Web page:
Under the convention, Indian authorities are also required to send any communication you address to a consular post. For example, if you write a letter to the High Commission of Canada in India or to another Canadian consular office in India, that letter must be delivered. This is in accordance with your rights to communicate with, and have access to, a consular official. These rights must be exercised in conformity with the laws and regulations of India.

If you choose to speak with Canadian consular officials, any information you give them will remain confidential, subject to the provisions of Canada’s Privacy Act. It will not normally be passed on to anyone other than the consular officials concerned with your case without your permission. Under the Privacy Act, however, personal information may be disclosed in certain circumstances, such as in cases where disclosure would clearly benefit you, where the public interest in disclosure clearly outweighs any invasion of your privacy or pursuant to a court order. Consult the Consular Services Privacy Notice Statement for more details.

At your meeting with a consular official, please inform him or her if Indian authorities did not inform you of your right to request that Canadian officials be advised of your arrest or detention, or if at any time they denied you the right to communicate with or have access to a Canadian consular official.

Dual citizenship is not legally recognized in India. If local authorities consider you an Indian citizen, they may refuse to grant you access to Canadian consular services, thereby preventing Canadian consular officials from providing you with those services. You should always travel using your valid Canadian passport and present yourself as Canadian to foreign authorities at all times to minimize this risk. Citizenship is determined solely by national laws, and the decision to recognize dual citizenship rests completely with the country in which you are located when seeking consular assistance.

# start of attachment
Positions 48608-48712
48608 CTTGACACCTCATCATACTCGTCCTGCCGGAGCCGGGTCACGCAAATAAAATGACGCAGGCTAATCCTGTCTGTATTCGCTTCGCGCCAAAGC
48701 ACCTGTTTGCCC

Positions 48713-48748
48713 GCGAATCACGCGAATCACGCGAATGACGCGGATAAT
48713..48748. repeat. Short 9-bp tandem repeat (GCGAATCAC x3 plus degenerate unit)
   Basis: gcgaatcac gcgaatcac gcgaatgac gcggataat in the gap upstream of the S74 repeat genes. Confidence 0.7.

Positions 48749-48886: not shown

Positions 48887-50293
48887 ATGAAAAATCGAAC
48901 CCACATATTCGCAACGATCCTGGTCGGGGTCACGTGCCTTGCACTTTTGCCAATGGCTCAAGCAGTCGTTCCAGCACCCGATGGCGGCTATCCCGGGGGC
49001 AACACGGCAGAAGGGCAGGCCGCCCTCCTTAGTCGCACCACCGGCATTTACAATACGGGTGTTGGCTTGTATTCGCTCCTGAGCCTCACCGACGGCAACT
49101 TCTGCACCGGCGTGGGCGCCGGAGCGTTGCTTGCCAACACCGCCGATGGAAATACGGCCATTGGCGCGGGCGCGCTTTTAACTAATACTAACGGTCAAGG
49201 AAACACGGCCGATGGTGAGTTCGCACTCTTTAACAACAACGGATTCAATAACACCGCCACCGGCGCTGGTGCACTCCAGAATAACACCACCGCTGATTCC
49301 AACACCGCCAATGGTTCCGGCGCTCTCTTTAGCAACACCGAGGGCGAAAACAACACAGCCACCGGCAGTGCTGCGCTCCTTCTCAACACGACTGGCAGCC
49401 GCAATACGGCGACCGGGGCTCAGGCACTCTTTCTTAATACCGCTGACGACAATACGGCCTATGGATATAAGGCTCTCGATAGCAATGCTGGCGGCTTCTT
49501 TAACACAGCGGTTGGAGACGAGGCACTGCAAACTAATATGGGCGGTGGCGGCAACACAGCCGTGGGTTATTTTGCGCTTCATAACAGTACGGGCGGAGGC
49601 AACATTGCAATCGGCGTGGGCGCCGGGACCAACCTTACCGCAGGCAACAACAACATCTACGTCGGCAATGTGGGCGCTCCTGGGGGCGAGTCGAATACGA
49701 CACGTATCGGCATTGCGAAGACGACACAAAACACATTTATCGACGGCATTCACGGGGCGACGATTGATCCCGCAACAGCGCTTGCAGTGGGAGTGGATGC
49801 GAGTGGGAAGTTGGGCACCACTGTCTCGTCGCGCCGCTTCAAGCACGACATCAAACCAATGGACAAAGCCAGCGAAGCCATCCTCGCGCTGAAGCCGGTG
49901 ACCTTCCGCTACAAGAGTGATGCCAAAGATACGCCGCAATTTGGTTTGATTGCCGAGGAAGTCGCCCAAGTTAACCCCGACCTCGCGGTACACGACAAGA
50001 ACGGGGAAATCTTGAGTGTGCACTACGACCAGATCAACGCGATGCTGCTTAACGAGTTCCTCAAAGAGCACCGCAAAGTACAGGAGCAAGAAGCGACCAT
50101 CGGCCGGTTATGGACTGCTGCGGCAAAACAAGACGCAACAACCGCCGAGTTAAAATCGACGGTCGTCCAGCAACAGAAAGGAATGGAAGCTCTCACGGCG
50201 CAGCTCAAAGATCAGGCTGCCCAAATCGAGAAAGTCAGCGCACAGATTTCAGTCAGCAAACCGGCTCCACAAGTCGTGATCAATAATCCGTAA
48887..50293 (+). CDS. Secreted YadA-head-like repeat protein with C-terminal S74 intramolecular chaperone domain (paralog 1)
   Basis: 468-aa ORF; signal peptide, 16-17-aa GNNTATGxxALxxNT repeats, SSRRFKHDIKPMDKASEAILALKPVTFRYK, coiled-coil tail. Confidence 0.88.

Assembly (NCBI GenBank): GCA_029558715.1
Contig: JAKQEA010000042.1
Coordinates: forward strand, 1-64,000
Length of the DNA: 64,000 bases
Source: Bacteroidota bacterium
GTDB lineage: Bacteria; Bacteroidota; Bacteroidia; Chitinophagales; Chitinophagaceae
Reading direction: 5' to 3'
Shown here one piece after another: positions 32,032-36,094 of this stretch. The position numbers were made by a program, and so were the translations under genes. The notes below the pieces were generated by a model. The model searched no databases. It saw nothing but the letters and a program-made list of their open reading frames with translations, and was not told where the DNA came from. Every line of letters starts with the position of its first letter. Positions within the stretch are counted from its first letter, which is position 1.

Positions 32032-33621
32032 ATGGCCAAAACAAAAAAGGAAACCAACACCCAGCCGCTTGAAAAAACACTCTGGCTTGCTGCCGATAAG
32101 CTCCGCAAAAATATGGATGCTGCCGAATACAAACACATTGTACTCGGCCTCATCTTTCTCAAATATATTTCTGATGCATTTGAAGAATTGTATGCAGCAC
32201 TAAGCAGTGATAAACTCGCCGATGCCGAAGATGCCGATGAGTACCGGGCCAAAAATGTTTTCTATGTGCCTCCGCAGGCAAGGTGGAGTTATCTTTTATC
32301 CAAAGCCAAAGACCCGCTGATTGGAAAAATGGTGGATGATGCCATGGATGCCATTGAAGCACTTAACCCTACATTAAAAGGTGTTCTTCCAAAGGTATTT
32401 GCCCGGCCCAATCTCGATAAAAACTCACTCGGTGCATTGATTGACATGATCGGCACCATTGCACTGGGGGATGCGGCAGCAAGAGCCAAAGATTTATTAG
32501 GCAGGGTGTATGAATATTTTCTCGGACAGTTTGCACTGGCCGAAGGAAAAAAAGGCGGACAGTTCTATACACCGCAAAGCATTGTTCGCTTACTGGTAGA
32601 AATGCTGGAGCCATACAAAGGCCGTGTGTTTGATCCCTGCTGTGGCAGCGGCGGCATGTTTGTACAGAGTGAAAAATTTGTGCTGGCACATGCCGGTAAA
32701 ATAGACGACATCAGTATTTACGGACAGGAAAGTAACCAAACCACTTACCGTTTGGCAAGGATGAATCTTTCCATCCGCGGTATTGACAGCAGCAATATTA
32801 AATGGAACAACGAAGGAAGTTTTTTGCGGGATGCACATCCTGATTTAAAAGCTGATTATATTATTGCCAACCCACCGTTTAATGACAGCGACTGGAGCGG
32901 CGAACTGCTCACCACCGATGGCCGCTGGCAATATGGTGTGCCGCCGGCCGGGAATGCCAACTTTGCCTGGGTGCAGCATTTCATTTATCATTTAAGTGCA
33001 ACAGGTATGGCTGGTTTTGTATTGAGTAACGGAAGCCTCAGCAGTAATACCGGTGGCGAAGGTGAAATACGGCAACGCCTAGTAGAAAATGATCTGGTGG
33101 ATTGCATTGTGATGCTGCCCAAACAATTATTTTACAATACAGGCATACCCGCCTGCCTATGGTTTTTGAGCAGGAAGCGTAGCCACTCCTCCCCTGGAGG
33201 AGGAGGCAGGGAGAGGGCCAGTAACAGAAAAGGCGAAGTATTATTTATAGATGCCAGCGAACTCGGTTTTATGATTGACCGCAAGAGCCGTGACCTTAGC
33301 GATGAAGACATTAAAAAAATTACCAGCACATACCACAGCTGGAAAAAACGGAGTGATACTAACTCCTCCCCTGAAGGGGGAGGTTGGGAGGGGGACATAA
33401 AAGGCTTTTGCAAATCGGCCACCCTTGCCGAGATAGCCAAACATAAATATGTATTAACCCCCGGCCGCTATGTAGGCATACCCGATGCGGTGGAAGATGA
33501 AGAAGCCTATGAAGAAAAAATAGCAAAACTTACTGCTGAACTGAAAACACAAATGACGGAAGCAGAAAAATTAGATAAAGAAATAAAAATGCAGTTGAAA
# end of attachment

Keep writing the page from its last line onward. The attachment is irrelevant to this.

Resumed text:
If detained, Canadian citizens with dual citizenship of another country should notify the local authorities about their Canadian citizenship should they like to receive consular assistance.

See Travelling as a dual citizen for more information.

Investigation and bail

When a person is arrested, the police will keep him or her in police custody for investigation. The police must produce the arrested person before a magistrate within 24 hours of his or her arrest. If the investigation has not been completed within that period, the police may request an extension of police custody to continue with the investigation. The police custody cannot be extended beyond 14 days.

Once the arrested person is brought before a magistrate, the magistrate will decide if there is sufficient evidence to proceed with further detention (either judicial custody until the trial is concluded or police custody if the police investigation has not been concluded) or if the arrested person can be released on bail until the trial.

After the registration of the First Information Report (police report), the police must file a charge sheet within 90 days of the date of arrest (if arrested under the Indian Penal Code) or 180 days (if arrested under other legislation). If no charge sheet is filed, the arrested person is entitled to be released on bail.

An application for bail may be requested at any time during this process. In reviewing a bail request, the magistrate has significant discretion and will consider the type of crime, type of offence and any risk that the person may flee. Bail is less likely to be granted if you have been charged with a serious crime, such as murder or narcotics trafficking. You should consult a lawyer to find out how bail may apply to your circumstances.

After an application for bail has been made, a magistrate may release the arrested person on certain conditions and ask for financial security to ensure that he or she cooperates in the investigation. The magistrate may also reject the bail application and remand the arrested person to either police custody or judicial custody.

In cases of further detention, the arrested person will be brought to appear before a magistrate every 15 days. Detention periods can be quite lengthy.

Criminal trial